The Pope is (still) Catholic


By Steve Deace

Traveling to CPAC in Washington, D.C. on Wednesday provided me an opportunity to do some research on the new leader of the billion-member Catholic Church—Pope Francis. Even though I am what most observers would describe as an evangelical, so far I like a lot of what I see.

Pope Francis is the first non-European pope of the modern era, and also the first from Latin America (which is home to about 40% of all Catholics worldwide). Thought to be the runner-up to Pope Benedict back in 2005, the 76-year old native Argentinean is also the first Jesuit pope in the church’s history.

His background is in philosophy, theology, and chemistry, so we’re talking about a man with an extensive background in the traditional Catholic complementary relationship between faith and reason. Baptist Press describes Pope Francis as “a compassionate conservative” and speculates the former Cardinal Jorge Mario Bergoglio took the moniker Francis in honor of legendary St. Francis of Assisi, whose hymn “All Creatures of Our God and King” we sing frequently at my evangelical church.

So why is Pope Francis described as a compassionate conservative?

Although from Latin America where liberation theology (a theistic form of socialism/communism) has been popular for decades, Pope Francis rejected it in favor of more traditional Catholicism early in his priestly career.

Pope Francis strongly opposed the legalization of homosexual unions in his native Argentina as recently as 2010 saying, “Let’s not be naïve we’re not talking about a simple political battle…but rather a machination from the Father of Lies (Satan) that seeks to confuse and deceive the children of God.” Pope Francis has also said that allowing adoption by homosexuals is a form of discrimination against children. On the other hand, Pope Francis has also been known to visit hospices and wash the feet of terminal AIDS patients, emulating Christ at the Last Supper.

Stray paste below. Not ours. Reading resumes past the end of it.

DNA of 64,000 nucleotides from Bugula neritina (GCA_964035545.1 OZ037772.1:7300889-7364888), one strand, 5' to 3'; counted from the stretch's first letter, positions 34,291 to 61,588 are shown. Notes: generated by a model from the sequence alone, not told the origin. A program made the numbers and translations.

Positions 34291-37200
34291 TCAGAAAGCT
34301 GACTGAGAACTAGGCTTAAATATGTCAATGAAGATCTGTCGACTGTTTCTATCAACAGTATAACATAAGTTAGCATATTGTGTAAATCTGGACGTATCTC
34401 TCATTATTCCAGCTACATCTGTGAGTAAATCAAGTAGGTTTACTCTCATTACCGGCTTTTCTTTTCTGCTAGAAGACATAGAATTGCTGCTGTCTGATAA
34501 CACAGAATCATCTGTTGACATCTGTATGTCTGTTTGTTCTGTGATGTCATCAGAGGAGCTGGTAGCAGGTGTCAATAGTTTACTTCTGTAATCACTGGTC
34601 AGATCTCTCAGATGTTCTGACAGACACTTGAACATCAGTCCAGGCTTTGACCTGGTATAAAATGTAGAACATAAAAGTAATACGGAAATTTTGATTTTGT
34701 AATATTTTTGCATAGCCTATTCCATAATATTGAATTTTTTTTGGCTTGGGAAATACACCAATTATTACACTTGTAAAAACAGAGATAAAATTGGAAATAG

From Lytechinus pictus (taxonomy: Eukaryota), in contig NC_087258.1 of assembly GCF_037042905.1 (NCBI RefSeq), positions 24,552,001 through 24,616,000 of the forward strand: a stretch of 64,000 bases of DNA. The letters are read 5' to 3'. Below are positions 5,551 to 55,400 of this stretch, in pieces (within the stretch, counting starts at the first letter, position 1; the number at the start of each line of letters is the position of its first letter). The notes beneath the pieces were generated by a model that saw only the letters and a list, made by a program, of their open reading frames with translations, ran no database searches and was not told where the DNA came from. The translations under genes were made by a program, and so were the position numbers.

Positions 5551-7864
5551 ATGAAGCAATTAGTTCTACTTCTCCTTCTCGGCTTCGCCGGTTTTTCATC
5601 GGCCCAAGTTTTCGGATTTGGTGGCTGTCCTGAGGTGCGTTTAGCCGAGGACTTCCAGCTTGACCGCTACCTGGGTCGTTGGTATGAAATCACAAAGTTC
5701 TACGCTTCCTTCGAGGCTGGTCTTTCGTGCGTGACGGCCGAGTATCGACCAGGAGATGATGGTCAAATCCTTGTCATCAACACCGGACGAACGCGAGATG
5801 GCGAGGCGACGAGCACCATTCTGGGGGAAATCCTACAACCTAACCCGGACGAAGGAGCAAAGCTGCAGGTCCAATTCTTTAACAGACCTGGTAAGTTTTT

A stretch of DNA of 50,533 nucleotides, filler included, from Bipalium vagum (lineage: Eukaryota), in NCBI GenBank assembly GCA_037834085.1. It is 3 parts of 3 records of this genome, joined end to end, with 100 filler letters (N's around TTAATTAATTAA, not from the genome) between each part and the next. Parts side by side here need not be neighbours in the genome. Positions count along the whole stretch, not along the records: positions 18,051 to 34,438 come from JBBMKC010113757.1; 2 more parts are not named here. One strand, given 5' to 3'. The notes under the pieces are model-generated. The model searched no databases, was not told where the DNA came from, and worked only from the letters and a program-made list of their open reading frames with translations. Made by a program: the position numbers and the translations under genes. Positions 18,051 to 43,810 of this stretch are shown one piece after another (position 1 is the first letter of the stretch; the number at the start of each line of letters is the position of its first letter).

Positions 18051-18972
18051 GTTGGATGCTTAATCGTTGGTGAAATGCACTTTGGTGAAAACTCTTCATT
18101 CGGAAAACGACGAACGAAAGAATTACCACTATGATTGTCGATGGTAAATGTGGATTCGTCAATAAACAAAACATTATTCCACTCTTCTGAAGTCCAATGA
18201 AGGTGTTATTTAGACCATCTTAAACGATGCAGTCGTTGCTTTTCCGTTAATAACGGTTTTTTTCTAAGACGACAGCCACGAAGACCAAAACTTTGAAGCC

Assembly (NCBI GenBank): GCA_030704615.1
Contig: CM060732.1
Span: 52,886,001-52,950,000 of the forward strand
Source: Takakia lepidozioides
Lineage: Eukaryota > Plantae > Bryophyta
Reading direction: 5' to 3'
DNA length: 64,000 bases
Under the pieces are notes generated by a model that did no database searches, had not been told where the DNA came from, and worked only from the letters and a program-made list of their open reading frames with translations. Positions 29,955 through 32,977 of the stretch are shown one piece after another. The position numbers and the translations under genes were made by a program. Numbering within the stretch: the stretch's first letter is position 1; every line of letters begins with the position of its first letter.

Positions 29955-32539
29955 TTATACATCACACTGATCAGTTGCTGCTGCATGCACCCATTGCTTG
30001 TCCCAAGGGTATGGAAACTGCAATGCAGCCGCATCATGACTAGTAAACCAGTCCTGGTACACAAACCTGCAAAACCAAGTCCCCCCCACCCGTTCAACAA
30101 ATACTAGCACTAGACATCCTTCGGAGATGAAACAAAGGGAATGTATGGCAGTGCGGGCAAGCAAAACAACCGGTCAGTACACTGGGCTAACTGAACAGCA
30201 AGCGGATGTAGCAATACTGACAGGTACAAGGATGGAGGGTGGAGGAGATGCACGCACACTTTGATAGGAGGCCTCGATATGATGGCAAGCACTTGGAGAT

Pope Francis has also voiced support for government programs to help the poor and challenged some aspects of free market economics. However, he’s also placed more of an emphasis on personal holiness as a means of overcoming poverty than what liberals typically describe as “social justice” (i.e. wealth redistribution).

Pope Francis is also described as “powerfully pro-life.”

Labeling abortion “a death sentence for unborn children,” Pope Francis has specifically said targeting children conceived in rape or incest for abortion is akin to being “condemned to death.” He’s also called euthanasia a “culture of discarding” the elderly. Furthermore, Pope Francis has previously said he believes Catholic politicians who defy the church’s teaching on the sanctity of life should be denied communion.

Based on what we know so far about Pope Francis, it appears liberals’ hopes for a less orthodox pontiff have been dashed. It appears to be a shock to some in the liberal media that the pope is indeed still Catholic.

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